Is govt committee on TV ratings an intrusion in BARC's functioning?

Industry leaders say BARC’s efficiency should not be questioned solely because some channels have come under the scanner

e4m by Sonam Saini
Updated: Nov 6, 2020 9:46 AM
TV

As the television industry grapples with the controversy over the TRP scam, the Ministry of Information and Broadcasting (MIB) has decided to form a committee to review the guidelines on television rating agencies in India.

Making the announcement on Tuesday, the ministry said, "Based on the operation of the guidelines for a few years, there is need to have a fresh look on the guidelines particularly keeping in view the recent recommendations of Telecom Regulatory Authority of India (TRAI), technological advancements /interventions to address the system and further strengthening of the procedures for a credible and transparent rating system. A committee is hereby constituted to study different aspects of the television rating system in India as they have evolved over a period of time."

According to industry leaders, this is not the first time that the government has tried to intervene. Earlier, TRAI too recommended restructuring of BARC with an aim to improve transparency and credibility. Though, this time, it is not clear if the government's aim to form the committee is to further strengthen the rating system or build a new rating body.

A senior executive of one of the leading broadcast companies, on the condition of anonymity, said "This is an old battle and the government, in some way or the other, has been trying to enter the BARC system since its launch in 2015. Such initiative by the government is not a good move. BARC is an independent joint industry body by clients, agencies and broadcasters, and MIB or TRAI should not enter this system."

"I am not sure what new set-up or guidelines they want to impose as BARC has always been very transparent. Just because we have a TRP scam doesn't mean that the rating body system is bad or inefficient. It's a robust system in terms of technology. I am not sure what MIB will regulate?” he shared.

BARC, meanwhile, has already set up the technical committee led by top clients who spend heavily on advertising on TV channels based on their TRPs.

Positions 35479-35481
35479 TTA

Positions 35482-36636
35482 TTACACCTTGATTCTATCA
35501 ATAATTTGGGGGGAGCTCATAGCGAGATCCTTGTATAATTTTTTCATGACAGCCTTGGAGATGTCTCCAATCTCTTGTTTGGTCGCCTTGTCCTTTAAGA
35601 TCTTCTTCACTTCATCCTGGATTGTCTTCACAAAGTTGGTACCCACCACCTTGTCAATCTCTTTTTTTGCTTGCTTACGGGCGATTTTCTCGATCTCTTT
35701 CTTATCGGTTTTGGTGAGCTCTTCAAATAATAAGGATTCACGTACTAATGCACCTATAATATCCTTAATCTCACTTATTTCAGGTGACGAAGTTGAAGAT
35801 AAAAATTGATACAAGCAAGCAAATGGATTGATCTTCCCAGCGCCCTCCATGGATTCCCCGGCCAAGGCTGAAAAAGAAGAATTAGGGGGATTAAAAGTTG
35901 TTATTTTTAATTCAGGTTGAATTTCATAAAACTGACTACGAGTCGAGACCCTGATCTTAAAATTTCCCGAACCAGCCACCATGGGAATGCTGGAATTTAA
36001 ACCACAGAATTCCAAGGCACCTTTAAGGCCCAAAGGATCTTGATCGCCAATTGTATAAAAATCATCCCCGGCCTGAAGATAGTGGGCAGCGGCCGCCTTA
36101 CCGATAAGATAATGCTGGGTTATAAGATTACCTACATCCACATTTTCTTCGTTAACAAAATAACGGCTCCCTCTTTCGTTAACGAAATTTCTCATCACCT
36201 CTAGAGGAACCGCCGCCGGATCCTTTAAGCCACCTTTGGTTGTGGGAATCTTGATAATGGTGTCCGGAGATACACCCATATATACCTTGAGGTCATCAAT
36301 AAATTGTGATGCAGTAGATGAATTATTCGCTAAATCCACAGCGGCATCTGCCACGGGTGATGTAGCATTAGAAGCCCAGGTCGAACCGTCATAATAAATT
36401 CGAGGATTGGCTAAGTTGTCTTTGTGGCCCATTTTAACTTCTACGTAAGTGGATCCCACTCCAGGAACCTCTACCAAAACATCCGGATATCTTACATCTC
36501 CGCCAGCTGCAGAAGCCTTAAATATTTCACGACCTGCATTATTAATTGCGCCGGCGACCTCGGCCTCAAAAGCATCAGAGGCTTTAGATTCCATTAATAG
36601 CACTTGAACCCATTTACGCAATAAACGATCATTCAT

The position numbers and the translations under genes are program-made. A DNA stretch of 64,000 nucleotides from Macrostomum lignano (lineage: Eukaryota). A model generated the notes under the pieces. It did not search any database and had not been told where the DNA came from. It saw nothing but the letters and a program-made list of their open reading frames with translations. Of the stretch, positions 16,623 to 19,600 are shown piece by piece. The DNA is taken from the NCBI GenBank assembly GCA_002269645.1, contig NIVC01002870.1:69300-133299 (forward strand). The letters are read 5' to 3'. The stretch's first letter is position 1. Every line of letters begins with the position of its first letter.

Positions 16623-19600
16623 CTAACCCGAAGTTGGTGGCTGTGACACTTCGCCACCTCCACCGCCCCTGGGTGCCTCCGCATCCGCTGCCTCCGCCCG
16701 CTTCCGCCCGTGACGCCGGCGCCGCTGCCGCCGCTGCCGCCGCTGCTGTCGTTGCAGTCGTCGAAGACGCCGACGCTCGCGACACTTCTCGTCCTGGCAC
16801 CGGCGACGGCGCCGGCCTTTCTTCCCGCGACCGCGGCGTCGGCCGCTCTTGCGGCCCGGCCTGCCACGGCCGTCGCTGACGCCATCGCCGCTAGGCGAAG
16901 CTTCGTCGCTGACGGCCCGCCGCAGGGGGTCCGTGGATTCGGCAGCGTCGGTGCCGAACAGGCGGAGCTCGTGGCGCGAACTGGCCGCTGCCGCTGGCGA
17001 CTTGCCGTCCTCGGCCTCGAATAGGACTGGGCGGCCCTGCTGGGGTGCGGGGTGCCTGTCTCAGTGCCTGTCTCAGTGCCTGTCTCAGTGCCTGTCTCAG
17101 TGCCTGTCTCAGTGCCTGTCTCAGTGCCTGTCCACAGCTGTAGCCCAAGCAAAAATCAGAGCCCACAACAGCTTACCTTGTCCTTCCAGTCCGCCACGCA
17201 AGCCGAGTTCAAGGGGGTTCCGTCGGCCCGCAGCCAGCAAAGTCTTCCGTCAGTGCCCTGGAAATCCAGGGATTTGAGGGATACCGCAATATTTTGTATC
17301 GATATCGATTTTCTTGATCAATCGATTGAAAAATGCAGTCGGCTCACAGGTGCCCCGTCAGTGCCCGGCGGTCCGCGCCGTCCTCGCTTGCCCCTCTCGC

“It's a foolproof system. Government trying to enter the BARC system only means that now they want to control/regulate every space in the media through MIB, TRAI and now BARC,” the executive opined.

One of the reference points that the committee has suggested is taking steps for improving competition in the sector.

“Neither the industry is ready for another rating body nor it's viable to build another BARC. I don’t think it's a great move. The government mandate clearly indicates that they want another rating agency,” said another media observer.

Even if the government plans to build another rating agency, the biggest concern is, who will make such a big investment?

“It took several years to build BARC. Increasing people meters from 44,000 to 66,000 requires a lot of investment. Building another rating system will only disrupt the media industry. Just like the ad cap case, I think this will also go on for some months and die down. They will give some recommendations to BARC, and whether it's feasible for BARC to implement them will have to be seen. But structurally nothing will change,” said a senior industry leader.

Echoing similar thoughts, a senior media analyst said BARC is the best rating body that the industry has formed in terms of transparency and efficiency. "There can be some changes but I don't think they can get a better mechanism than BARC," he says.

The government committee will be chaired by Shashi S Vempati, CEO, Prasar Bharti, and will have three other members: Dr Shalabh, Professor of Statistics, Department of Mathematics and Statistics, IIT Kanpur ; Rajkumar Upadhyay, Executive Director, C-DOT ; and Professor Pulak Ghosh, Decision Sciences Centre for Public Policy (CPP).

 

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